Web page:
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Making requests and self-reliance

Third in a series of talks suggesting how to modify the steps in a 12-step program to fit into a Buddhist framework.

  • We ask the Buddhas for inspiration, but they can’t fix it for us
  • We must do the work ourselves, but the Buddhas are there to teach and guide us

Buddhism and the 12 steps 03 (download)

To continue with our little series on Buddhism and the 12 steps, talking about the “higher power,” and what it means to be self-responsible and self-reliant. What it means to ask for blessings and inspiration.

The historical Buddha

The person who wrote me said: “As we know, Siddartha Gotama, the historical Buddha, died 2500 years ago. Because the Buddha attained enlightenment does this mean that his consciousness is out there somewhere available to us so that we can request his mind to help us in some way? It’s interesting that you don’t say we should ask the Buddha to help us. Instead you say that we should ask him to inspire us, which is far more self-empowering. We’re not asking him to fix it for us, but we are asking for help to see through our delusions so that we can fix it for ourselves. It infers that we need to do the work ourselves, but we need to be shown the way. Am I right so far?”

So yes. As I was explaining the other day, in the Mahayana tradition we say that Shakyamuni Buddha was actually enlightened in previous times, and when somebody attains full awakening they attain the four Buddha bodies. And one of the Buddha bodies is the emanation body, and one type of emanation body is the supreme emanation body that manifests during a historical era when the Dharma teachings are not present on the earth. And so that kind of manifestation was Shakyamuni Buddha. So although that manifestation was withdrawn, dissolved back into the dharmakaya, and it looked like the Buddha died, then the continuity of the enlightened mind still exists. It’s not that you become enlightened and then the consciousness stops. Because if it stopped after you left your physical body, then that would mean you work for three countless great eons to become enlightened, and then in the case of Shakyamuni Buddha, then we’d only have forty-five years of actually helping sentient beings.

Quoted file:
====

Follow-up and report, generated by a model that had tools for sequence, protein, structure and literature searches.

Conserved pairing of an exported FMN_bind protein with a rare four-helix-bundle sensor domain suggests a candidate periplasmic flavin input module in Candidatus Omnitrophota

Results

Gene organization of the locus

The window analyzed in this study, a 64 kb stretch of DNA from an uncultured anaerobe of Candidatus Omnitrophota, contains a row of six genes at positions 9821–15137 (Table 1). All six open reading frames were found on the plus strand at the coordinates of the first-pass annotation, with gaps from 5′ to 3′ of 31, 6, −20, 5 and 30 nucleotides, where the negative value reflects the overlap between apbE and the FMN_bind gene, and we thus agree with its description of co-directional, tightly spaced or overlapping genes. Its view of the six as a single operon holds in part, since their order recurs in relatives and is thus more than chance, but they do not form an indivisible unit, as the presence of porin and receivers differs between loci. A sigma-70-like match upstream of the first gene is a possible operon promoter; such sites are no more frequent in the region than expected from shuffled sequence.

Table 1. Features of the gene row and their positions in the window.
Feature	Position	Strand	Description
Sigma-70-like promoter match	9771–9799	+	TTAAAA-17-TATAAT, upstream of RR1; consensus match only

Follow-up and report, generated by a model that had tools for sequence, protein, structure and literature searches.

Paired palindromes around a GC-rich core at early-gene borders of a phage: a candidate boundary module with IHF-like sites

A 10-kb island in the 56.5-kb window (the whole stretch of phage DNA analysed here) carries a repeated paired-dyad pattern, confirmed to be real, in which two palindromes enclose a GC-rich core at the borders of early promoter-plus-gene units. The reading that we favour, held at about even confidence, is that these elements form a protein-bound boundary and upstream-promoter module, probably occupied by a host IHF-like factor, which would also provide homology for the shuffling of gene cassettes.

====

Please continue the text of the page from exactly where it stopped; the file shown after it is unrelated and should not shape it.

But we don’t say that. We say in that manifestation he benefited sentient beings for forty-five years, but the continuity of the Buddha’s mind still exists, because there’s nothing to make it stop existing. It’s one moment of consciousness produces the next moment.

So that’s about the first part of the paragraph.

And then yes, I think it definitely is more self-empowering to request the Buddha for inspiration, and for help in learning how to deal with situations ourselves, rather than seeing the Buddha as some kind of external being who is the creator and manager of the world who we have to please and who then will maybe do what we want him to do.

Prayer versus making requests

That’s what it feels like, isn’t it? If you say, you know, “Oh, Buddha Buddha Buddha, please may my son do this, or my daughter do that. And may family win the lottery, and may my kids get into good schools, and may we all get promotions in our jobs, and may we all get enlightened quickly. And while you’re working on all of that, we’re going to go on summer holiday to the beach.” [Laughter]

It doesn’t work that way. It doesn’t work that way. So what we’re really doing when we’re making requests, saying request verses—and it’s actually better to say, like, “recitations” rather than “prayers.” Or “requesting verses” rather than “prayers.” We often use the word “prayers” because it’s what we’re familiar with from Christianity and Judaism and Islam. But “prayers” kind of implies that you’re asking somebody outside to do something for you. And so if “prayers” implies that to you then we have to get rid of that kind of implication in our minds. Because, as we’ve been talking the last few days, we have to do the work for ourselves, and the Buddhas teach us and guide us and inspire us and help us along the path, but we have to do the work.